That was all yesterday. With the entire country affected by militancy and conflict in the wake of 9/11, going to cinema is nomore safe due to frequent threats, bombings and terror incidents. In nearly all major cities of the Khyber Pakhtunkhwa province, cinemas have been turned into shopping malls as people stay away from cinemas for fear of bombings.

Peshawar, the capital city of the province, lost nearly 10 cinemas in less than a decade. Bannu followed in the footsteps, losing the two historical cinemas that were turned into market places.

Manzoorudin, a Bannu resident who used to go to the cinema on regular basis when he was young, says militancy may have caused the cinemas to close down, but it is not the only cause.

“When we lost films with proper stories and films turned into commercial eye-candies, the cine-goers stopped watching movies”, said Manzoor.

“Mostly Pashto movies would be screened in Bannu cinemas but with the advent of 21st century and digital technology that has given people access to all kinds of media, Pashto films remained nothing but song and dance. The Pashto cinema has refused to grow to keep up with competition from elsewhere.”

Manzoor said he used to go to Regal Cinema along with his family but it became impossible due to the obscenemovies screened there and conflict in the region, militancy and terrorism.

He said that though it was the age of digital technology, it had not caused the end of the cinema.

“India is far advanced than Pakistan in digital technology but there are cinemas and their number is growing every day”, he said adding that watching movie on a big screen is an experience that cannot compare to that of a laptop or watching film on a cell phone.

Manzoor said that the Saleem Theater in Bannu was built in 1936 during the British Raj, by a local Hindu resident KaniaLal Singh.

“We could not preserve our historical heritage and now Bannu city has nothing for the recreation of its citizens”, Manzoor added.

Both the cinemas in Bannu have been demolished by owners and shopping plazas raised in their place. Manzoor is of the opinion that legally, no commercial building or market can replace cinema.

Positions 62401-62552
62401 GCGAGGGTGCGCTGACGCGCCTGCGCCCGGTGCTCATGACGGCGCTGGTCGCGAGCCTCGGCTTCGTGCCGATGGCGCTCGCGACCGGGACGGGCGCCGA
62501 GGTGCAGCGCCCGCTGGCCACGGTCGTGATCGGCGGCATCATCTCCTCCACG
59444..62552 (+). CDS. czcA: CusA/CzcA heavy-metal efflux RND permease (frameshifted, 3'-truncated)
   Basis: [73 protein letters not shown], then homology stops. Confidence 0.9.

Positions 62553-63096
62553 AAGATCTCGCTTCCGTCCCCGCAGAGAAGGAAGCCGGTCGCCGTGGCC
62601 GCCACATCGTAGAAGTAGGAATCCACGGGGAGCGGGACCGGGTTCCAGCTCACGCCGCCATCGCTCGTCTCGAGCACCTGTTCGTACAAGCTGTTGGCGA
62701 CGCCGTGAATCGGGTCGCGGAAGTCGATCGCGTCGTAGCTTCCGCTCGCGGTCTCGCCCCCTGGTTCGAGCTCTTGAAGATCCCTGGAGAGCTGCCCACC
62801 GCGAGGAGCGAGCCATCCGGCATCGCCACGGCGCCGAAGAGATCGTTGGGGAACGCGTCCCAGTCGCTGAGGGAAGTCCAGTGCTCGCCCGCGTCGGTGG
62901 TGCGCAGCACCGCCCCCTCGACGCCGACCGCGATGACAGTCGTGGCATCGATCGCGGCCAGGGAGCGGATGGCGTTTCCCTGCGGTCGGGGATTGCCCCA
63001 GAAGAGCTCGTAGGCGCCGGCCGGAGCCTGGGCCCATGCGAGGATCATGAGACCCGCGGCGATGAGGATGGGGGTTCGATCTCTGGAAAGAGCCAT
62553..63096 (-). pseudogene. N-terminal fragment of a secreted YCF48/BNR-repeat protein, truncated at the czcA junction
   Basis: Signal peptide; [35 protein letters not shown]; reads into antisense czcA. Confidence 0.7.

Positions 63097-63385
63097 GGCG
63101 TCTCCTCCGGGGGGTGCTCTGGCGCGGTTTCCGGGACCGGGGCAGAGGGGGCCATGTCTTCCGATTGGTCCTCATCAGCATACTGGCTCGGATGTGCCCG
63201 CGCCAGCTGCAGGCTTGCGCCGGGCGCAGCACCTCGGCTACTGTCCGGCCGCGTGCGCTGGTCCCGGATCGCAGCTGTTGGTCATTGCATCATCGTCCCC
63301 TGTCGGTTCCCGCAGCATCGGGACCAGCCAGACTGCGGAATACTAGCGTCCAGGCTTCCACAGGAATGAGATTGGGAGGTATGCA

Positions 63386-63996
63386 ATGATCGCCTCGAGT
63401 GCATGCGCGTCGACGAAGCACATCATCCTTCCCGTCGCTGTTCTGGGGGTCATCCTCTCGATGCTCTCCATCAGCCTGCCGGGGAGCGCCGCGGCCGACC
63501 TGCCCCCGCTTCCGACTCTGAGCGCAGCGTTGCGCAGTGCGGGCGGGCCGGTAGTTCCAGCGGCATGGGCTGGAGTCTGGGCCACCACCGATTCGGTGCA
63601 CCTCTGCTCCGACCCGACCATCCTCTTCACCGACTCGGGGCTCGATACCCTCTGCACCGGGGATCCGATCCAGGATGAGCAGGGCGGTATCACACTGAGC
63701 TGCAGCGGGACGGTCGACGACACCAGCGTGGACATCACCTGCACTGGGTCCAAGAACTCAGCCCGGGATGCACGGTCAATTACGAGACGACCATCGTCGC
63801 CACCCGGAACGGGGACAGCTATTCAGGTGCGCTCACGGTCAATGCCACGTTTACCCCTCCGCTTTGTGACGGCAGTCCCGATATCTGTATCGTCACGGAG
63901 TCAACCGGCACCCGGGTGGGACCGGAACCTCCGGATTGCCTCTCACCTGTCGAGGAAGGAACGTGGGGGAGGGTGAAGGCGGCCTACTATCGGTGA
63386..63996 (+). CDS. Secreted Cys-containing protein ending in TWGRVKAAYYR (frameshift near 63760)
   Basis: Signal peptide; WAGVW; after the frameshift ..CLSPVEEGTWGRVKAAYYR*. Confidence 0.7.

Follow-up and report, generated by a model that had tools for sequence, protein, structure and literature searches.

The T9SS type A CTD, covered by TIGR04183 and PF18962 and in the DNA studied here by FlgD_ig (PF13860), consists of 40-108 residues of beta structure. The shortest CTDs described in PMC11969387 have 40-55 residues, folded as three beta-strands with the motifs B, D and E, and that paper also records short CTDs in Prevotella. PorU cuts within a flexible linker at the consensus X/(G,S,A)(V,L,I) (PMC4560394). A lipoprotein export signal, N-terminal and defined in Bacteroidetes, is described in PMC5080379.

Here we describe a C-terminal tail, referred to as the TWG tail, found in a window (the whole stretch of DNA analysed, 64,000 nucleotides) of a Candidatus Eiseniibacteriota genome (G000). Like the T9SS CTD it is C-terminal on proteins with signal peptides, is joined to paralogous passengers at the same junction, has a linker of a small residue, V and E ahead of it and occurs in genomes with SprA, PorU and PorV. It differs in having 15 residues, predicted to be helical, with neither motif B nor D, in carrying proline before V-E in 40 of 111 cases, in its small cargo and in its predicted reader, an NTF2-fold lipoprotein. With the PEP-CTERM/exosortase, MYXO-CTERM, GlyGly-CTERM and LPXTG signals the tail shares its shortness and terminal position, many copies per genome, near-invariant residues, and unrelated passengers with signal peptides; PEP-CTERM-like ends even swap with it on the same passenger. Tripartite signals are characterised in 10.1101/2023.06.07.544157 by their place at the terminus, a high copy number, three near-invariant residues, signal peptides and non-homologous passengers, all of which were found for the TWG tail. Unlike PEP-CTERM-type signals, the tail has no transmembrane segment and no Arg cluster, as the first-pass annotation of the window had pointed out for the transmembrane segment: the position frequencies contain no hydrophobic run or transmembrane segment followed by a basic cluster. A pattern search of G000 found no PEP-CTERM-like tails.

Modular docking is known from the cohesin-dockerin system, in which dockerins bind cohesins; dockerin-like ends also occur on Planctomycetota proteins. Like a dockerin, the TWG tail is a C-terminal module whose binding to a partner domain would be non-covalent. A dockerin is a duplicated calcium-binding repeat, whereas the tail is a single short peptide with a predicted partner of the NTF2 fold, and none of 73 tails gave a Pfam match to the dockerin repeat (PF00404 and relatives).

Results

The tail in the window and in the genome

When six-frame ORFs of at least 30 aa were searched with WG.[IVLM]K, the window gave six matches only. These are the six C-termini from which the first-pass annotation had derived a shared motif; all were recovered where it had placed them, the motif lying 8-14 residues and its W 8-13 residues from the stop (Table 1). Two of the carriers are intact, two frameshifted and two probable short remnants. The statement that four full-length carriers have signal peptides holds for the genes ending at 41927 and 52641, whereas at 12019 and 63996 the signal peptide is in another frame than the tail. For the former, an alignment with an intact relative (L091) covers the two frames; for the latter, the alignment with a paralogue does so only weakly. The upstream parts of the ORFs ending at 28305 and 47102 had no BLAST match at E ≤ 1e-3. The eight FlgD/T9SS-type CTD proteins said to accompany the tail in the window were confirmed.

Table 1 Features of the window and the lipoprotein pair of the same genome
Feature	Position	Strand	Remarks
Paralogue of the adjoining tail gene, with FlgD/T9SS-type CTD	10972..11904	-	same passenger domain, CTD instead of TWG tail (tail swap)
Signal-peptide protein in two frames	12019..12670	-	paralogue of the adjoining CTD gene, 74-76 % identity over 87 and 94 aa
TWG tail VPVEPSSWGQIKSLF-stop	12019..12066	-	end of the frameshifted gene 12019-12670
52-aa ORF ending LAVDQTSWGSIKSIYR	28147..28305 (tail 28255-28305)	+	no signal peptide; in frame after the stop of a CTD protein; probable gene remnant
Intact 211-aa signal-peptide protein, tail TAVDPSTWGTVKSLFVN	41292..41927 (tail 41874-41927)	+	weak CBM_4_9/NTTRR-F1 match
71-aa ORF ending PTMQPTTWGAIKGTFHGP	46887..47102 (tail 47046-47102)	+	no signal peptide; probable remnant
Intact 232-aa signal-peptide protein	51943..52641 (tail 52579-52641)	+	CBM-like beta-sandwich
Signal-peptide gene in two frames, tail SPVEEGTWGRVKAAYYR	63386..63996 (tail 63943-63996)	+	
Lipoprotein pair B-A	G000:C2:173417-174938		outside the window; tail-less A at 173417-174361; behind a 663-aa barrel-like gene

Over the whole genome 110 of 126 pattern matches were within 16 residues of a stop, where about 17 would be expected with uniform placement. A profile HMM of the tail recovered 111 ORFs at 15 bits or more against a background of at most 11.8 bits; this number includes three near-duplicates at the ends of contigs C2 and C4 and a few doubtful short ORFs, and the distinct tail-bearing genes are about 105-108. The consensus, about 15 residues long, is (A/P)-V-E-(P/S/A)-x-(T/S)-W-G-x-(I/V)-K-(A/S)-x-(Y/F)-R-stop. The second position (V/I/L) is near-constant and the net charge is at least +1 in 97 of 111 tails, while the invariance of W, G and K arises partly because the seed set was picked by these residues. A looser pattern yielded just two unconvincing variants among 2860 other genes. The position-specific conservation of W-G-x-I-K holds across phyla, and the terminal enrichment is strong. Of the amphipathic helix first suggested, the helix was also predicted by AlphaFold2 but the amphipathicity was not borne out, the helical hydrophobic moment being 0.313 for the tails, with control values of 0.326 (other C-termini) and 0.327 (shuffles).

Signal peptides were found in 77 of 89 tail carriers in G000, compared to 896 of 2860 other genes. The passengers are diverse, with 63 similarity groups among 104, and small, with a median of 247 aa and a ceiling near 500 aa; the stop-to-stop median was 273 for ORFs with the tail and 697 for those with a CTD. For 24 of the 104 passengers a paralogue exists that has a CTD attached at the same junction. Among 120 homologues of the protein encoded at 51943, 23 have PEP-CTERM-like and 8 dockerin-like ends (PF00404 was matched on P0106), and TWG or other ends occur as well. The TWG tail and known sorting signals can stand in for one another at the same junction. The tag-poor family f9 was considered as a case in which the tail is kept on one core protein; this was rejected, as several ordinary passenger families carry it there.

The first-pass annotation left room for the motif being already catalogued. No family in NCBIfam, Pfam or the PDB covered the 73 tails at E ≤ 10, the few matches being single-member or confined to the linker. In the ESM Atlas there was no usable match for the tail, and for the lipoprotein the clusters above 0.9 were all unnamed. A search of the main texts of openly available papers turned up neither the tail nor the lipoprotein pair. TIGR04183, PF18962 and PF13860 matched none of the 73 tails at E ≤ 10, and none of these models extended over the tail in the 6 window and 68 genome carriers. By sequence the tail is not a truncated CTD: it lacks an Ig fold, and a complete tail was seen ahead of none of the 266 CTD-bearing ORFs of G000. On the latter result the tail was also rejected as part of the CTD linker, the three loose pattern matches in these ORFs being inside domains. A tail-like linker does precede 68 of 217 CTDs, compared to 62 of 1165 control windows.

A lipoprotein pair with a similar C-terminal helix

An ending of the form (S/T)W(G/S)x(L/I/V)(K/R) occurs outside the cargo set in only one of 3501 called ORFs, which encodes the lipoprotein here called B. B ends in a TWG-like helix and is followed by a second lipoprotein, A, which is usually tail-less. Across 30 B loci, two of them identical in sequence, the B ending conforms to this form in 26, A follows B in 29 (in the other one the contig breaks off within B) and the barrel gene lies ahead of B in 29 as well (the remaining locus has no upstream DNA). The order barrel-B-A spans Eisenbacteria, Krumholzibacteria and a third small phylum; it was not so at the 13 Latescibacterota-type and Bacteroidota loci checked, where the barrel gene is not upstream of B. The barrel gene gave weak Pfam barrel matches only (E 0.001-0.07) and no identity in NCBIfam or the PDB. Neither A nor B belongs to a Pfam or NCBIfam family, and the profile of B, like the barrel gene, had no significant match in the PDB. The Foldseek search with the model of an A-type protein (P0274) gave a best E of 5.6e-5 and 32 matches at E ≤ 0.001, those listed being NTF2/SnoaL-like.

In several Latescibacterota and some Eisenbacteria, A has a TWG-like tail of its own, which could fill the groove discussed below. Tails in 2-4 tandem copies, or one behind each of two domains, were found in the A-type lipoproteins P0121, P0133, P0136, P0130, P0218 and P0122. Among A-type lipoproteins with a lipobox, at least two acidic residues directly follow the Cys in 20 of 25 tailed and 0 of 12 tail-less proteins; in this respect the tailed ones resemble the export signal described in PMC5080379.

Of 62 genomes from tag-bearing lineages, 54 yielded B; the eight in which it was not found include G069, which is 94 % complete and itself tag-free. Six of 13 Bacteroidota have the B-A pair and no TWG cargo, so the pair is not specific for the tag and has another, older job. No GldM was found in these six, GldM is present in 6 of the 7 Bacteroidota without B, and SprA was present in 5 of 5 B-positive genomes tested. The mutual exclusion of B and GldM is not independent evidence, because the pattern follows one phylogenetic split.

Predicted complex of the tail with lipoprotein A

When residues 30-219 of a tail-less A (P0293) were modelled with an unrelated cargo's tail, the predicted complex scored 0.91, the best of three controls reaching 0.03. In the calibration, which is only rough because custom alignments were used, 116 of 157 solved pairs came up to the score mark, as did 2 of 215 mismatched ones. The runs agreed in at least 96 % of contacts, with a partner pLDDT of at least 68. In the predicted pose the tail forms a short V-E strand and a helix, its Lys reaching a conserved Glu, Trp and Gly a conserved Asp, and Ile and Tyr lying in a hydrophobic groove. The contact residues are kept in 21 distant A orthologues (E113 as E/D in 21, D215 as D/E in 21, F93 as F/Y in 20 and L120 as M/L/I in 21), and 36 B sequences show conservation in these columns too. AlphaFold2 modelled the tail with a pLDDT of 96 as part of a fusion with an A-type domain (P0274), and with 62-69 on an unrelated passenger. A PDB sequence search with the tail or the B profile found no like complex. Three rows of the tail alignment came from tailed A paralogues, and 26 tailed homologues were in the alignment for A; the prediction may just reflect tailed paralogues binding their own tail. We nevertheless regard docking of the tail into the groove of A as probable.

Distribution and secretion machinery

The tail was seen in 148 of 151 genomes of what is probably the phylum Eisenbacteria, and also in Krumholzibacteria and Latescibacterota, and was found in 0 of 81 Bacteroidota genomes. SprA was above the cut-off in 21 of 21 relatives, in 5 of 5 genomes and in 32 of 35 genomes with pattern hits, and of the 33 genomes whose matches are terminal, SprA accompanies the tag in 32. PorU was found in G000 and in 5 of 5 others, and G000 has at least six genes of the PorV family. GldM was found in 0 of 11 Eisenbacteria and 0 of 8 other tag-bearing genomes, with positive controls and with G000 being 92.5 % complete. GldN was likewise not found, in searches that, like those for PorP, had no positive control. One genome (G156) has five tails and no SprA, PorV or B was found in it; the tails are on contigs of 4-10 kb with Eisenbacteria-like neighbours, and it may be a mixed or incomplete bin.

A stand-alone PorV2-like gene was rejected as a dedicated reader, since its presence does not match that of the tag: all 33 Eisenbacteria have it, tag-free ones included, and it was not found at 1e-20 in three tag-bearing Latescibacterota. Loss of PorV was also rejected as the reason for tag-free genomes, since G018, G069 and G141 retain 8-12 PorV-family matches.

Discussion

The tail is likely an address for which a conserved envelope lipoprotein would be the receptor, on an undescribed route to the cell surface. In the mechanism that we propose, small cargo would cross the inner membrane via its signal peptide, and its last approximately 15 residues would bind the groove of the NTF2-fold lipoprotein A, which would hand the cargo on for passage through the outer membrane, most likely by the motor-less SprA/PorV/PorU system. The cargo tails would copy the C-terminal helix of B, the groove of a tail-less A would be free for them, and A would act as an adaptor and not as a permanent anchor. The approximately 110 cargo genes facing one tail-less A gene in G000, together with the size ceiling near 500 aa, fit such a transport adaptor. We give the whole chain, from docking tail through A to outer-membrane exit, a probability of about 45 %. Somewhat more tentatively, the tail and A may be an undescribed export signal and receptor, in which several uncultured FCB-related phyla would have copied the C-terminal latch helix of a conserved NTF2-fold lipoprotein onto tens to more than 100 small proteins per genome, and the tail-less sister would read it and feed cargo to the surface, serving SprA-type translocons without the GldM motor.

Iqbal Hasrat, a playwright and a Pashto poet, said Pakistanis had destroyed the film industry and culture by making films quite opposite to our way of life.

“Have you ever seen any Pashtun girl in a dress she is shown wearing in the films?”,Hasrat asked. He said when vulgarity and commercialism came to cinema, mature cine-goers gave up watching movies.

“Only the loafers would go to the cinema now”, he said.

Hasrat said the downfall of cinema that started in the wake of commercialism was accelerated by the dangers posed by militants.

“It (militancy) was the last nail in the coffin of the cinema.”

Cinema owners received threats from militants, said Hasrat, and the cinemas and owners were targeted.

“In such a risky environment, most of the cinema goers were afraid to go watch movies.”

Hasrat feels that with end of cinema in the city, and indeed the rest of the province, the citizens have been deprived of a very cheap source of entertainment in a place where there is no other spot for recreation.

Whatever the causes of the cinema’s downfall, people like Kaka have no chance of going to a cinema anymore, to stand and cheer when BadarMunir, the late hero of Pashto films, saves a damsel in distress from NimatSarhadi, the villain of the Pashto fims.

With no cinema in Bannu, people remain inside their houses and old-timers like Gulab Khan Kaka chase the sunlight, counting the days of their lives as they, like the youth, don’t know where to go for entertainment.